I considered Uthum a close friend, but also recognised that he was a private person. One never quite grasped the true depth and breadth of the man. There were, I know, many, many people, young and old, to whom Uthum was as close a friend. He was extremely generous with his worldly goods and his intellect and yet, his good deeds were done anonymously, so that even his left hand did not know what his right hand did. The massive gathering at his funeral - young and old; subordinates, peers and superiors; personal and professional contacts; friends from his school days and university years; worshippers from his much-loved Mt. Lavinia Methodist Church, from his bible study group and FOCUS group - reflects the enormous love and respect in which he was held by so many. As his close friend, Prof. Priyan Dias, said so eloquently at the beautiful and moving funeral service held at S. Thomas' College, Mt. Lavinia, Uthum was self-effacing, humble and never forced his opinion on anyone.
This man, with a brilliant intellect, never looked down or passed judgment on others. He lived up to his name “Great” in all respects, but was also most human, with a wonderfully sharp wit. I remember, when we, his self-appointed “older sisters” in the Central Bank, felt he was being exploited because he would never say “no” to any task assigned to him, even if he was already inundated with work, we would scold him and suggest that he find a wife to take care of him. All our match-making failed, as he would say ‘your prescription is worse than the disease!'
He once said to me that his time as a graduate student at Purdue and as Alternate Executive Director for South Asia at the IMF were two of the happiest periods in his life. Perhaps, he felt less stress and responsibilities there and made more time for himself to enjoy his many interests - browsing in book stores, walking with nature and visiting museums, among others. He was self-contained, content with his own company and did not need a host of others to enjoy himself.
Uthum was truly, a very special person - a man of God. To me, it was more than coincidence that Uthum died on the same date, October 23, as another man of God from the previous generation, my much-loved uncle, the late Bishop Lakshman Wicremesinghe. He, like Lakshman, was blessed with a powerful intellect, unquestionable integrity and loving, gentle heart that embraced everyone.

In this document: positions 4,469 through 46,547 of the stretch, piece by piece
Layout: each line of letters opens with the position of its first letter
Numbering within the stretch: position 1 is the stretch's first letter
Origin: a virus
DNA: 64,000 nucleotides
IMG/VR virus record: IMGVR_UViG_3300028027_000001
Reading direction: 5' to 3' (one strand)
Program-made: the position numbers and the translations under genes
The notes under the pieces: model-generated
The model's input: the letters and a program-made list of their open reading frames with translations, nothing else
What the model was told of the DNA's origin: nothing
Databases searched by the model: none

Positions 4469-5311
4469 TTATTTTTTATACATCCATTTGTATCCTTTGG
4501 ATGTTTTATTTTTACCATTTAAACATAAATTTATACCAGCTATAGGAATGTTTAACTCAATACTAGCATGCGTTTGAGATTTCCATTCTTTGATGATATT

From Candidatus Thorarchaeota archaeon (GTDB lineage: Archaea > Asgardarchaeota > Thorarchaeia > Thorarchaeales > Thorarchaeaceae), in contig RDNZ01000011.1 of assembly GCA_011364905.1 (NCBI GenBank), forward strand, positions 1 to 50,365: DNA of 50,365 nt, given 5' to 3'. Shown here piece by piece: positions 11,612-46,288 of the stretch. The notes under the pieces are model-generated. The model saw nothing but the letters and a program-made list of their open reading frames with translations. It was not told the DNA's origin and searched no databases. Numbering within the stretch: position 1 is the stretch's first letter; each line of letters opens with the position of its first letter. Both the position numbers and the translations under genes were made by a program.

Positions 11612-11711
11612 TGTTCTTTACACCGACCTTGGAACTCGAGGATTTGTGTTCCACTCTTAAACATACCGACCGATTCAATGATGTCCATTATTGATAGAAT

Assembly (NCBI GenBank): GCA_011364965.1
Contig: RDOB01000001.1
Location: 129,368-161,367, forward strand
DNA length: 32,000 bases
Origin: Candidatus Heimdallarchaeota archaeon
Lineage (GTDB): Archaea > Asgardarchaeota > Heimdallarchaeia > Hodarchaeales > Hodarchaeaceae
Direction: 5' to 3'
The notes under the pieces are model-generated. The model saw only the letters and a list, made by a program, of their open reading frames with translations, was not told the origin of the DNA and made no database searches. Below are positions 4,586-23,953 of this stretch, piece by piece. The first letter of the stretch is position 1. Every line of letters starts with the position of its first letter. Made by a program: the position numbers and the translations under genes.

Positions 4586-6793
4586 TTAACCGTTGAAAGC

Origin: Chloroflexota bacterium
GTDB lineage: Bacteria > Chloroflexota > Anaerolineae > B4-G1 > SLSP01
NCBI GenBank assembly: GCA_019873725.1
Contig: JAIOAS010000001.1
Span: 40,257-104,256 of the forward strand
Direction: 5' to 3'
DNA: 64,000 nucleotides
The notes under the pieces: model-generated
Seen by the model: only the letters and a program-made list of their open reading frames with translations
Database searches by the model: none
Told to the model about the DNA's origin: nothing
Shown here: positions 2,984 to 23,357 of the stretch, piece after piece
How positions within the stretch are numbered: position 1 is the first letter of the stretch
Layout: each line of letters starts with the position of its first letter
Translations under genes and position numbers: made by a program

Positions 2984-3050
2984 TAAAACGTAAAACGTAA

He, like Lakshman, chose to live a life of simplicity and humility and tread this mortal world lightly. Despite significant intellectual and professional achievements, neither sought the conventional social trimmings of such achievement - no house, no car, no spouse, nor children to call their own. Yet, each shared of themselves with others, almost to a fault, loving and caring for all God’s children as their own. Neither was a saint, both enjoyed a good joke and witty conversation. Neither was ever condescending or superior. Each lived by his Christian faith, led by example and commanded respect. Uthum, like Lakshman, chose to ignore his health towards the end in the interests of his chosen vocation and he too, has died young, before the ravages of old age could leave their mark. It is we who are left behind who suffer their loss.
I remember, with gratitude, his friendship, his wise counsel, his concern and love for children, his sharp but gentle wit, his love of books and beauty, his many kindnesses and never-failing thoughtfulness and compassion. He lived his life for others at great cost to his health, but would not have lived any other way.
Uthum’s life is epitomised in many passages in the Bible. I have chosen one, Philippians, Chapter 4, verse 8, to salute him -
''Finally brethren, whatsoever things are true, whatsoever things are honest, whatsoever things are just, whatsoever things are pure, whatsoever things are lovely, whatsoever things are of good report; if there be any virtue, and if there be any praise, think on those things”.
In the greater presence of God, may he rest in peace and have infinite time to smell the roses. I will never forget him.
Anila Dias Bandaranaike